“The world is not normal right now, and it’s hard growing up in a not-normal world,” says Ariel Wasserstein, a 16-year-old junior at Charles E. Smith Jewish Day School in Rockville, Md. The coronavirus pandemic swept away his spring in a blink, taking with it his in-person class, his baseball season, and his time with friends.
“I was crushed,” he recalls. “It all happened so fast.”
He made sure to follow Maryland’s stay-at-home orders to do his part in keeping the virus from spreading, and he says many of his friends did, too. But Wasserstein wanted to do more to help both the people suffering from COVID-19 and the front-line health care staff working to treat them. He decided to make a donation to relief efforts and chose Johns Hopkins, where he’s been treated for Crohn’s Disease over the past year.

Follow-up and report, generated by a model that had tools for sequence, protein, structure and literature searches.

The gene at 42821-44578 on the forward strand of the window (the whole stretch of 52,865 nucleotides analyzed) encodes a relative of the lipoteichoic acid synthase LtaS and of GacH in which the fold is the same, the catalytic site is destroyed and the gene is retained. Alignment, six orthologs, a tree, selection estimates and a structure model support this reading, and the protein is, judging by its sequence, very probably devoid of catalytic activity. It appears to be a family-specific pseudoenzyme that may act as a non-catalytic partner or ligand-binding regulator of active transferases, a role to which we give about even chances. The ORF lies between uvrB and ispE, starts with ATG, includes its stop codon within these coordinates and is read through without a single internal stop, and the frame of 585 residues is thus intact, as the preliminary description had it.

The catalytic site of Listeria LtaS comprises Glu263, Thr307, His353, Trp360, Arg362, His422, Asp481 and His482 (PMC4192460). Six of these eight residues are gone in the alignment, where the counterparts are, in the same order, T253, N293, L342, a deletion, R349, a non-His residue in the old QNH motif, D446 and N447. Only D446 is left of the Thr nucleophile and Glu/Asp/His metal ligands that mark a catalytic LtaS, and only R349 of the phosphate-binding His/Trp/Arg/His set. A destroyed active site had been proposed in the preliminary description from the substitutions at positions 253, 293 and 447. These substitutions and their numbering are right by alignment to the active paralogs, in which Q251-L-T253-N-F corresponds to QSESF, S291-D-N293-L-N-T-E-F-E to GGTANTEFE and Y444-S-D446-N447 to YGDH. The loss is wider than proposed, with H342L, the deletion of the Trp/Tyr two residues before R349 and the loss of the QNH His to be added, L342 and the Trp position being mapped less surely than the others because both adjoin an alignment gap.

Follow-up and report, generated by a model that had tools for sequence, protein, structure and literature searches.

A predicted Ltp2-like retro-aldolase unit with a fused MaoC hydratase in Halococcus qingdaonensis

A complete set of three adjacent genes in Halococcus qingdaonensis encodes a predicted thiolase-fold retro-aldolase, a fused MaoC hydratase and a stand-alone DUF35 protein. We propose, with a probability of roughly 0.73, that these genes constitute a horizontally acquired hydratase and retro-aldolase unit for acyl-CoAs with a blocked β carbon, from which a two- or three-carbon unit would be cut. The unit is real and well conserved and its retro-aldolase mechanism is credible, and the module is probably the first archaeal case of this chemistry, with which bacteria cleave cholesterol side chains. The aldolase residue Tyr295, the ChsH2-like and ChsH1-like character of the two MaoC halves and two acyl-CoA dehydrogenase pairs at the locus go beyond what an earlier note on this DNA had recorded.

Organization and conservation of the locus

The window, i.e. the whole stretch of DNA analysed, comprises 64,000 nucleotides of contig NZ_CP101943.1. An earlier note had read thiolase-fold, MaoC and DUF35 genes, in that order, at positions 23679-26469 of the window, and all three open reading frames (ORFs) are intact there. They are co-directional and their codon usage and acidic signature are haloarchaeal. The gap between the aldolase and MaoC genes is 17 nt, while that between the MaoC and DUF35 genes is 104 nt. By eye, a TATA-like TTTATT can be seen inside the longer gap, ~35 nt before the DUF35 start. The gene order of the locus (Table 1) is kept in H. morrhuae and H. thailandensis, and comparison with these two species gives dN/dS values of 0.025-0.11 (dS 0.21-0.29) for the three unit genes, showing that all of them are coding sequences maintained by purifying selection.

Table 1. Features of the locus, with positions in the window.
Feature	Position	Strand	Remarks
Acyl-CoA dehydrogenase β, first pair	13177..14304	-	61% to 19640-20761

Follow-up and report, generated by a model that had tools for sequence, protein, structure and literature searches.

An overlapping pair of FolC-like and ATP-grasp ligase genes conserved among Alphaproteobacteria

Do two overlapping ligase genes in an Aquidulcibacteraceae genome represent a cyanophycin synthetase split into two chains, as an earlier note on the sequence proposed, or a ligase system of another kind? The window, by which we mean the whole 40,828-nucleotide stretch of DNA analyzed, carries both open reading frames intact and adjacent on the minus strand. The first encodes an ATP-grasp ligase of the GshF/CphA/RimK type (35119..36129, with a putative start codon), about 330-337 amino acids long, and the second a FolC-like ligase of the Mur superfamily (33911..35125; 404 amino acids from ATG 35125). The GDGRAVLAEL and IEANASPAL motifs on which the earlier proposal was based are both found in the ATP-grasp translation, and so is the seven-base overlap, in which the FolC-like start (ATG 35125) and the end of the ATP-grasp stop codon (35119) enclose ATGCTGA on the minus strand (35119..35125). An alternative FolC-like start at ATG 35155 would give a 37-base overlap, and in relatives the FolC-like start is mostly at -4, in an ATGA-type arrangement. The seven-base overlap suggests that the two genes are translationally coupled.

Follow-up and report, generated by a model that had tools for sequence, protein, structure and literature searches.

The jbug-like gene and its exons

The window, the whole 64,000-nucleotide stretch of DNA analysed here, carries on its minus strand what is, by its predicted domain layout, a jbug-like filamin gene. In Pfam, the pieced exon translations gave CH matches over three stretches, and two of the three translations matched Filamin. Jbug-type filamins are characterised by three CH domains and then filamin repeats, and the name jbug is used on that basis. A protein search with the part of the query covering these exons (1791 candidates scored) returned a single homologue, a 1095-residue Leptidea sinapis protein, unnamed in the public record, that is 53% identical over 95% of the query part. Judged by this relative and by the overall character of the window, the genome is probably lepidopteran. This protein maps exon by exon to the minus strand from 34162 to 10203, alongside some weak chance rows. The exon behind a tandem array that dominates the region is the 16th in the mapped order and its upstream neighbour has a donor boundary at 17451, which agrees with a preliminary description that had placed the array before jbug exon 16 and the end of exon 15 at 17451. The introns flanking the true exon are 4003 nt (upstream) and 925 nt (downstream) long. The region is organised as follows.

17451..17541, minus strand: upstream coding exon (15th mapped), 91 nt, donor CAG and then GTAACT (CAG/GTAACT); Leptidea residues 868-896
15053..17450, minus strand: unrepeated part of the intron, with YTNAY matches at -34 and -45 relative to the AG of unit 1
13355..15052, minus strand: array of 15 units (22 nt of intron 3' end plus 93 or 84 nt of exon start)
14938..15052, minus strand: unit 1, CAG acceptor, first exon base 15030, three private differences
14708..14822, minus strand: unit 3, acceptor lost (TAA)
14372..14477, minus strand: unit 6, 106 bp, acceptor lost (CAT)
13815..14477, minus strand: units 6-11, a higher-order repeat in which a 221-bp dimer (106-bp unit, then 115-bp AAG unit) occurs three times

“They really helped me a lot and got me on the right path for my treatment,” Wasserstein says.
“I trust Johns Hopkins, and I trust that they’re doing really good research about this to help understand the virus more. The fastest way for the world to come back to normal, or even partially normal, is to help the people who are trying to help us.”
Topics: Friends of Johns Hopkins Medicine, Johns Hopkins Medicine, Promote and Protect Health